Work, consumption, leisure: the old barriers are coming down
In a few weeks, the ambition of the American founders of La Louve will be realised, when the community food co-op opens its first supermarket in the 18th arrondissement in Paris. Co-op members will volunteer alongside a handful of paid employees for three consecutive hours every four weeks to perform “all the tasks necessary for the store to operate normally”: checkout, stocktaking, administration, cleaning” and in return for their efforts will be the supermarket’s sole customers. Neither workers nor clients, but a mixture of both, plus a bit extra as each member will become a shareholder, with a stake of €100 worth 10 shares in the cooperative.
The business model, tending to blur the distinction between customers and staff, looks good on paper. It’s hard not to want to join in, or at least to track the project’s progress and see whether it succeeds or encounters difficulties.
The project also tells us a lot about changes occurring in a social order that appears to be steadily demolishing all of the barriers that organise (or should that be “used to organise”?) our existence.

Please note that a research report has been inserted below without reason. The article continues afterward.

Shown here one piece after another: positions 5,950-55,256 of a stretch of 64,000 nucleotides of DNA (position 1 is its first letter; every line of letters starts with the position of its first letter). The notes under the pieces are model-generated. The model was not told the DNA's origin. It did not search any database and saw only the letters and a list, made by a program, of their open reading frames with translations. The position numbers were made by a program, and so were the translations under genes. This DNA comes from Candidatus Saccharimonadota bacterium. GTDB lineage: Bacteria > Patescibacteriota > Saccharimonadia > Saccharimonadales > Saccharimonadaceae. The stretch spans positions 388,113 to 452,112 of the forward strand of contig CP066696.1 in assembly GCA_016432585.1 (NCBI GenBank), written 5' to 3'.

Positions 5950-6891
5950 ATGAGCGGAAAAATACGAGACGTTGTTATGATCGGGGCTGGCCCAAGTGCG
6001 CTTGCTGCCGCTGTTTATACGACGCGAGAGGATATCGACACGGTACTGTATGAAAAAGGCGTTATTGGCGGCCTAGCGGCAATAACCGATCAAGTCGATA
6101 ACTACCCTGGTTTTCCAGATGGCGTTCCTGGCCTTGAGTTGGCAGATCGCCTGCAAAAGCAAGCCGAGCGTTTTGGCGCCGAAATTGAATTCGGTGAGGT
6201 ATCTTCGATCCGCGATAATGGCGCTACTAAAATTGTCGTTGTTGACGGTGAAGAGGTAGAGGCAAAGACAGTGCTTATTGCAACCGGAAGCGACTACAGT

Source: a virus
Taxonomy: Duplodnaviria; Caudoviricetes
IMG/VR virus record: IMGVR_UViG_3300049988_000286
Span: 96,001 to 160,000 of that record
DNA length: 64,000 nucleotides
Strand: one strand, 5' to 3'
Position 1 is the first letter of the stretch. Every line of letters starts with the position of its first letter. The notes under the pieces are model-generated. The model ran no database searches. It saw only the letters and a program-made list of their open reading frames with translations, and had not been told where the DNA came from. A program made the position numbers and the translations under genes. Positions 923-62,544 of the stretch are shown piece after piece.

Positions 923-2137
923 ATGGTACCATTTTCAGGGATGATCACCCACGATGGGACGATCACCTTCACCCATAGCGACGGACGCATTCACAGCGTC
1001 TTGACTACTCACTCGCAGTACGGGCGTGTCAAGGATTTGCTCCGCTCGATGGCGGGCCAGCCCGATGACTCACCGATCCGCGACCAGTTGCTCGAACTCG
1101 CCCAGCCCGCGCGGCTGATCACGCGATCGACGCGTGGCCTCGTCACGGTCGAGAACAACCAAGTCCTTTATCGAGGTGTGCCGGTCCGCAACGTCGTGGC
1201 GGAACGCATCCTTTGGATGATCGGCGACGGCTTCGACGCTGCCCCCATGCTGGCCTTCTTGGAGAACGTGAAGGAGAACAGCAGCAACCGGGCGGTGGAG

- The distinction between working life and private life was one of the first to go, under assault from, among other factors, the hyperconnectivity and mobility ushered in by the digital era.
- Others are already looking for ways of bringing down the barrier between work and leisure, for instance by continually seeking to “gamify” the working experience, while yet other initiatives involve the inverse procedure of “workifying” what are normally considered to be leisure activities (‘bitwalking’ to name just one, where users can generate income in virtual currency by walking with their smartphone, i.e. walking is remunerated as of it were working).
In this new world without work/life frontiers, the very concept of Human Resources, which up till now has designated workers and staff uniquely, is likely to rapidly become obsolete. Some companies are already thinking about expanding their HR function to include customers and stakeholders, considering, perhaps like La Louve, that in fact these groups are actual or potential resources.
Even though it may not please everyone, in particular sales and marketing departments, this form of organisation does seem to me to open up perspectives in a number of areas. Take corporate communications, for example. If it is no longer possible to clearly separate the customer from the employee or the shareholder, we shall no doubt see the arrival of increasing numbers of hybridised communications media that could be one third financial communication, one third corporate communication and one third relational marketing.
We’ll see what happens.